Preparedness Challenge – March Week 3

This week for our Preparedness Challenge, we’ll be gathering long-term dry beans, peas and legumes. I’d be the first to admit, I’m not an expert on these food items. But I know if the LDS Church leaders encourage us to gather them, they must be important. And so, I gather them.

Here is what I suggest we work on:

1. Inventory Long-Term Dry Beans, Peas or Legumes
If you have long-term dry beans or legumes stored, take an inventory of them.

2. Decide How Much You Want to Store
If you decide you want to store long-term dry beans, peas or legumes, choose an amount you can afford. on the it states: “Where permitted, gradually build a one-year supply of food that can last for a long period of time. Focus on foods such as wheat, rice, pasta, oats, beans, and potatoes that can last 30 years or more when properly packaged and stored in a cool, dry place.”
You don’t need to store a year’s supply all at once. Personally, I only purchase a box of 6 at a time so my food storage doesn’t expire at the same time. A general recommendation from BYU article “An Approach to Longer Term Food Storage,”,is to store 12 cans per person for a year’s supply. Everyone doesn’t have room to store a year’s supply, so decide what you can do now.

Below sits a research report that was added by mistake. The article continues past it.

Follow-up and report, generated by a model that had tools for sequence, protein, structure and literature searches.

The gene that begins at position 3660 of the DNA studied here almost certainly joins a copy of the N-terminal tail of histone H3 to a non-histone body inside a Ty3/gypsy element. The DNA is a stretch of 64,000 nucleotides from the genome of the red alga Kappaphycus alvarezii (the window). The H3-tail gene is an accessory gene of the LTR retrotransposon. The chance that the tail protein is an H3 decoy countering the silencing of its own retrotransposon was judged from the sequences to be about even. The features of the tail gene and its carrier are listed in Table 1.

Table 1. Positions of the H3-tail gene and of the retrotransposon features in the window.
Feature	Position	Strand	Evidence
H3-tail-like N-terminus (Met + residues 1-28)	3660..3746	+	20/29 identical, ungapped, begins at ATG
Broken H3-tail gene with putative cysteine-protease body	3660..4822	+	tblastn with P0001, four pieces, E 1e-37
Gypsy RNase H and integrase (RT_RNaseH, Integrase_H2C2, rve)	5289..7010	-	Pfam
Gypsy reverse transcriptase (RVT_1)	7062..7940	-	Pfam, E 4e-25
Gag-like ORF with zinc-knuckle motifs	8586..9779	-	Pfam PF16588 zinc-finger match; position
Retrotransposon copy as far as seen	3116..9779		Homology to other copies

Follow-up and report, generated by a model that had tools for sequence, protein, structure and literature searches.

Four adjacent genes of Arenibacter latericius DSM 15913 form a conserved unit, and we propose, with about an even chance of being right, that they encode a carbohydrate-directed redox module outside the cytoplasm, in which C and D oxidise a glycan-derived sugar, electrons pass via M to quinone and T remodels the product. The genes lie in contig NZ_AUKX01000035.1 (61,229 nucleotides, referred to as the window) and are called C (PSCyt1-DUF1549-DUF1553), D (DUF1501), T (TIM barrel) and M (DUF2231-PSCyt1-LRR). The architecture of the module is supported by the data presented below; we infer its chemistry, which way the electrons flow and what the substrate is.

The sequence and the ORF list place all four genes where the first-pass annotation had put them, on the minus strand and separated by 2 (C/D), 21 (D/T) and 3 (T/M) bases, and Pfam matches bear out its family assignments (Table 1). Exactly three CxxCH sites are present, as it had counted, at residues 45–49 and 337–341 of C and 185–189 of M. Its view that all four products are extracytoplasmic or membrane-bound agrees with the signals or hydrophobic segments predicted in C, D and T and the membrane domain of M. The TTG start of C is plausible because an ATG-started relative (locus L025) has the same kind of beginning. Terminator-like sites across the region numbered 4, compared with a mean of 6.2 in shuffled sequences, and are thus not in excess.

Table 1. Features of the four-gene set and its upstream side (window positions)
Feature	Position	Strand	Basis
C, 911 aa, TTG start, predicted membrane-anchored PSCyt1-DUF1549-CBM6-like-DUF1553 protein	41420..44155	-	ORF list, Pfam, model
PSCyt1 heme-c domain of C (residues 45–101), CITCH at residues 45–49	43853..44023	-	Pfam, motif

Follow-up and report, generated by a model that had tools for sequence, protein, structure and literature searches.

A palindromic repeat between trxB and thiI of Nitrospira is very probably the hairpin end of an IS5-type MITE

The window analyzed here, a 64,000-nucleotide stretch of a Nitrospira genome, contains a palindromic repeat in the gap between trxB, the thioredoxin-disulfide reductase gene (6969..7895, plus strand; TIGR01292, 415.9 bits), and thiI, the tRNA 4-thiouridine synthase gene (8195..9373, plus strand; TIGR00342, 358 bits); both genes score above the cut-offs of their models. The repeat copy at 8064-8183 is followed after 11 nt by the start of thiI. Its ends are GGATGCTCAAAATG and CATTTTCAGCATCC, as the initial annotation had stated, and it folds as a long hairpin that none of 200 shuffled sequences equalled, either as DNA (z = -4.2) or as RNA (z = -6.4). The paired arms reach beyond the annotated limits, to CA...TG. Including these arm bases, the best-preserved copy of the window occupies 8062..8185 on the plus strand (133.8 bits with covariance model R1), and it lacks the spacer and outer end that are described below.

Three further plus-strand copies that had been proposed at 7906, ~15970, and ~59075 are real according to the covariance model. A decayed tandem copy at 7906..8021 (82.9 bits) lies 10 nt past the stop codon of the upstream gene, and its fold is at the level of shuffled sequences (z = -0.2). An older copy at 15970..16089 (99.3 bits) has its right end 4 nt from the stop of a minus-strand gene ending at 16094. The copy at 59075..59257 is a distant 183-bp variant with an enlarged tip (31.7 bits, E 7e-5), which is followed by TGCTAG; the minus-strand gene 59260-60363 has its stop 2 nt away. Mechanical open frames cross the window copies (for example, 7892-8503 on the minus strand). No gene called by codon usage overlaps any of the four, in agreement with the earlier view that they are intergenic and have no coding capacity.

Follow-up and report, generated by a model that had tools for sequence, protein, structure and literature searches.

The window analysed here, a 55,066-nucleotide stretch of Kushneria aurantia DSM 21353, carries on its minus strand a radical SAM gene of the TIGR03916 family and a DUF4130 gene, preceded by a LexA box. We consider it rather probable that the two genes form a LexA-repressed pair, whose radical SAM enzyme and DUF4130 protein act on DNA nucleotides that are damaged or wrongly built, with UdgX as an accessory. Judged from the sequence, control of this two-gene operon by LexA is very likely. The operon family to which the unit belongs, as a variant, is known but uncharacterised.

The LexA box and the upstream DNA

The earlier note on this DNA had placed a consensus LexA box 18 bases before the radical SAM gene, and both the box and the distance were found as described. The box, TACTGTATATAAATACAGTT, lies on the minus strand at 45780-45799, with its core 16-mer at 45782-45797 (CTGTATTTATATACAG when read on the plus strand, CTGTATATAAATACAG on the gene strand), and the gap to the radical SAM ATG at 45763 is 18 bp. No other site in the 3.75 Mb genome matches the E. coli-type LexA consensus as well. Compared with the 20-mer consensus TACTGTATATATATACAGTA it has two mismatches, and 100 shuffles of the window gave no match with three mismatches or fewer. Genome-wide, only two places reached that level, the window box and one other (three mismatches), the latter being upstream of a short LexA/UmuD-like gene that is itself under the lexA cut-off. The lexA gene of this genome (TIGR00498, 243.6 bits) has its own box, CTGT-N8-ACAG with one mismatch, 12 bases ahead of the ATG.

3. Purchase Long-Term Dry Beans or Legumes
The LDS Church sells long-term Black Beans 5.5 lbs., Great Northern (White) Beans 5.3 lbs. and Pinto Beans 5.2 lbs. in #10 cans for $5.50. Each has a 30-year shelf life. They store best at 75 degrees or less. You may purchase them at LDS Home Storage Centers or online at Other food storage companies sell dry kidney beans and dry peas. Feel free to purchase where you want, but the LDS Church prices are amazing. If you would like to store dry beans, gather an amount to try before buying a large amount. What you store is your choice. Gather an amount that works for your family. If the day came when you had nothing else, you will be glad you had some beans.
Currently, the LDS Home Storage Centers have Black Beans on sale for $5.00 a can. And dry refried beans (5-year shelf life) for $5.50 per can.

As you work on a few food storage goals at a time, you can accomplish more than you ever thought possible.

Best wishes,

Valerie Albrechtsen                                                       
The Food Storage Organizer  

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